CINCINNATI -- Matt Schaub did away with the drama.
Schaub tied his career high by throwing four touchdown passes Sunday, and the Houston Texans -- a team that's had problems at the end of games -- pulled away to a 28-17 victory over the Cincinnati Bengals, who never got a final shot.
Everyone knew if it came down to the final minutes, the Texans (3-3) would be at a disadvantage.
"Every game went down to the wire for them," Schaub said. "Credit goes to them because they were able to find ways to win those games. So it was a matter of putting the game away."
The Bengals (4-2) didn't get a chance for more last-minute magic.
Cincinnati had won three straight games in the last 22 seconds, pulling off improbable finishes after opponents failed to finish them off. They had one late escape on Sunday -- Steve Slaton fumbled with the Texans in field-goal range with 6:12 left.
Drama? Not this time. The Bengals fumbled the ball back two plays later, a sign the odds have caught up with them.
"That's our fault," receiver Chad Ochocinco said. "We've been saying that we can't keep winning with the way we've been playing. We've got to be consistent for all four quarters."
Not that Schaub left them much of a chance. He picked apart a defense that lost its top pass rusher and a starting tackle in the first quarter, going 28 of 40 for 392 yards, the second-highest total of his career. Last week at Arizona, Schaub set career highs with 35 completions in 50 attempts.
"Matt continues to put up exceptional numbers on the road," coach Gary Kubiak said.
Carson Palmer ran a Bengals offense that stayed in character -- not much got done outside the last two minutes. The Bengals scored 10 points in the final 48 seconds of the first half, putting Cincinnati up 17-14. This time, the offense went nowhere in the second half.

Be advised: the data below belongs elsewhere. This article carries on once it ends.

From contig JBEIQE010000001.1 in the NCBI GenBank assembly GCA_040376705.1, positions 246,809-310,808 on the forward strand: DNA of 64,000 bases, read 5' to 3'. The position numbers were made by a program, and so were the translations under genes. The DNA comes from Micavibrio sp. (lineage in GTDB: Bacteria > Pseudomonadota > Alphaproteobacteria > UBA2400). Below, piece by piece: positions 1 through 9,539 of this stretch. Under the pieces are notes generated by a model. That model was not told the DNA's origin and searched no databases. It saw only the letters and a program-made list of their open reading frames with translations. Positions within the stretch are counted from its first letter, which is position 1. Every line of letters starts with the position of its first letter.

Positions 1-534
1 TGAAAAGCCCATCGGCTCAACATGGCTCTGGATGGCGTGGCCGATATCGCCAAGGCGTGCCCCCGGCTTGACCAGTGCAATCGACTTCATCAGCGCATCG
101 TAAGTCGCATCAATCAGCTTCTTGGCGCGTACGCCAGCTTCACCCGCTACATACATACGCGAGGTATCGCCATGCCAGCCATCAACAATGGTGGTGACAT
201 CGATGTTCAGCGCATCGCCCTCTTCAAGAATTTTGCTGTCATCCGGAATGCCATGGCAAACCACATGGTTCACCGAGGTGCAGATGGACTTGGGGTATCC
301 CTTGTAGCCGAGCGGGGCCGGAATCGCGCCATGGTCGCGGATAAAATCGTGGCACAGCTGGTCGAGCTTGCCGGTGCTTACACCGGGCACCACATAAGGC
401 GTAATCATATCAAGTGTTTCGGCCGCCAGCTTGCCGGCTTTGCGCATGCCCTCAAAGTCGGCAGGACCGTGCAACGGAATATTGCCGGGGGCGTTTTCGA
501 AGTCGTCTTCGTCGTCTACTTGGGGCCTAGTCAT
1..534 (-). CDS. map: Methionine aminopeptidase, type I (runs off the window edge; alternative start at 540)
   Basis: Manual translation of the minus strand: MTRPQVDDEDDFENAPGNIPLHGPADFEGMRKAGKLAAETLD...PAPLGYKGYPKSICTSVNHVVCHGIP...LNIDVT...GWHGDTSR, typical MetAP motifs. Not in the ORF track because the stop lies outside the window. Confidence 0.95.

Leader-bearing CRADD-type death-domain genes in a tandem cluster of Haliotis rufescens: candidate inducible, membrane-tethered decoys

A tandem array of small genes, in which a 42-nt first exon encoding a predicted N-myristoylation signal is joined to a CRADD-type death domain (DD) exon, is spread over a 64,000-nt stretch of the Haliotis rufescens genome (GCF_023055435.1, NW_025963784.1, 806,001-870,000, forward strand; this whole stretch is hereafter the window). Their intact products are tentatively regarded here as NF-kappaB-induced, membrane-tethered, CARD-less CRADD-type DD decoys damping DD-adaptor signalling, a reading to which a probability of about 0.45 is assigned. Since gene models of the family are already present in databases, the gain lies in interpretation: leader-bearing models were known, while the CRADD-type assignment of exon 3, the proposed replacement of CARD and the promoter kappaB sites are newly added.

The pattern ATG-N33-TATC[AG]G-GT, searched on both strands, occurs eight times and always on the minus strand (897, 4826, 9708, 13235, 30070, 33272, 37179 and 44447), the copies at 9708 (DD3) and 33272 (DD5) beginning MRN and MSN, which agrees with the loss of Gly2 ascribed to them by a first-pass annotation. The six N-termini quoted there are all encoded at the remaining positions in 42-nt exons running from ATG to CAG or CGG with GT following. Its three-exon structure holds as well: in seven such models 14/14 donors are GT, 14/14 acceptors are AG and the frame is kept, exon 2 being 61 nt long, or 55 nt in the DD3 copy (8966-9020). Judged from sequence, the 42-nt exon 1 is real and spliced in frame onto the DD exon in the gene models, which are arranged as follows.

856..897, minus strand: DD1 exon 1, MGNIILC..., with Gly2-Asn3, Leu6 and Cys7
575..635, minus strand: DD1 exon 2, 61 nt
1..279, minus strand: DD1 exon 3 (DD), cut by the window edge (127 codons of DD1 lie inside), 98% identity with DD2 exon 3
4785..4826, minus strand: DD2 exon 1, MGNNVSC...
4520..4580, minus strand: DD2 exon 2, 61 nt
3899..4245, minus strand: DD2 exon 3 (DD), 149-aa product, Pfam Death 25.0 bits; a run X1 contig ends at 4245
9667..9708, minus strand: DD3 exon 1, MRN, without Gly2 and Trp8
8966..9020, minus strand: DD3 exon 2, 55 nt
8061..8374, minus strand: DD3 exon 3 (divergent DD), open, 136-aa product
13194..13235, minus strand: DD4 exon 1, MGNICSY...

Houston's defense has shut out the last three opponents in the second half, and clinched this one when Brian Cushing intercepted Palmer's pass with 1:49 left. Palmer, playing with a glove on his left (non-passing) hand to support a sprained thumb, was 23 of 35 for 259 yards.
Texans defensive coordinator Frank Bush challenged his young unit to stop Cedric Benson, who was the NFL's leading rusher. Benson managed only 44 yards on 16 carries, by far his worst showing of the season.
The Texans allowed only six yards on nine plays in the third quarter, the best third-quarter performance in franchise history.
"It was swarm tackling," cornerback Dunta Robinson said. "Everybody has a job to do, and today we made this team a one-dimensional team. Overall as a defense, we played well."
The Bengals suffered a significant loss when defensive end Antwan Odom -- tied for the NFL lead in sacks -- suffered an Achilles tendon injury that coach Marvin Lewis described as "probably pretty severe." Tests will determine the extent of the injury.
Odom barged through the line and blocked Kris Brown's 28-yard field goal try on Houston's first possession. He hurt his right Achilles on Schaub's 12-yard touchdown pass to Owen Daniels later in the first quarter and was taken off the field on a cart, costing the Bengals their best pass rusher.
They also lost starting defensive tackle Domata Peko to a knee injury in the first quarter, evening things up on the line. The Texans were missing their two starting guards, out with season-ending injuries.
There was a moment of silence before the game for Vikki Zimmer, wife of defensive coordinator Mike Zimmer. She died unexpectedly of natural causes on Oct. 8. ... Former University of Cincinnati star Connor Barwin got his first career sack on Palmer in the third quarter. Barwin had about 70 friends and relatives in the stands. ... Schaub's career high is 414 yards against Green Bay last Dec. 7. ... Andre Johnson caught eight passes for 135 yards, and Slaton had six for 102 yards, including a 38-yard touchdown. ... Ochocinco had 103 yards on five catches, his first 100-yard receiving day since the final game of the 2007 season. ... The Bengals have scored 54 of their 118 points in the final two minutes of halves and overtime.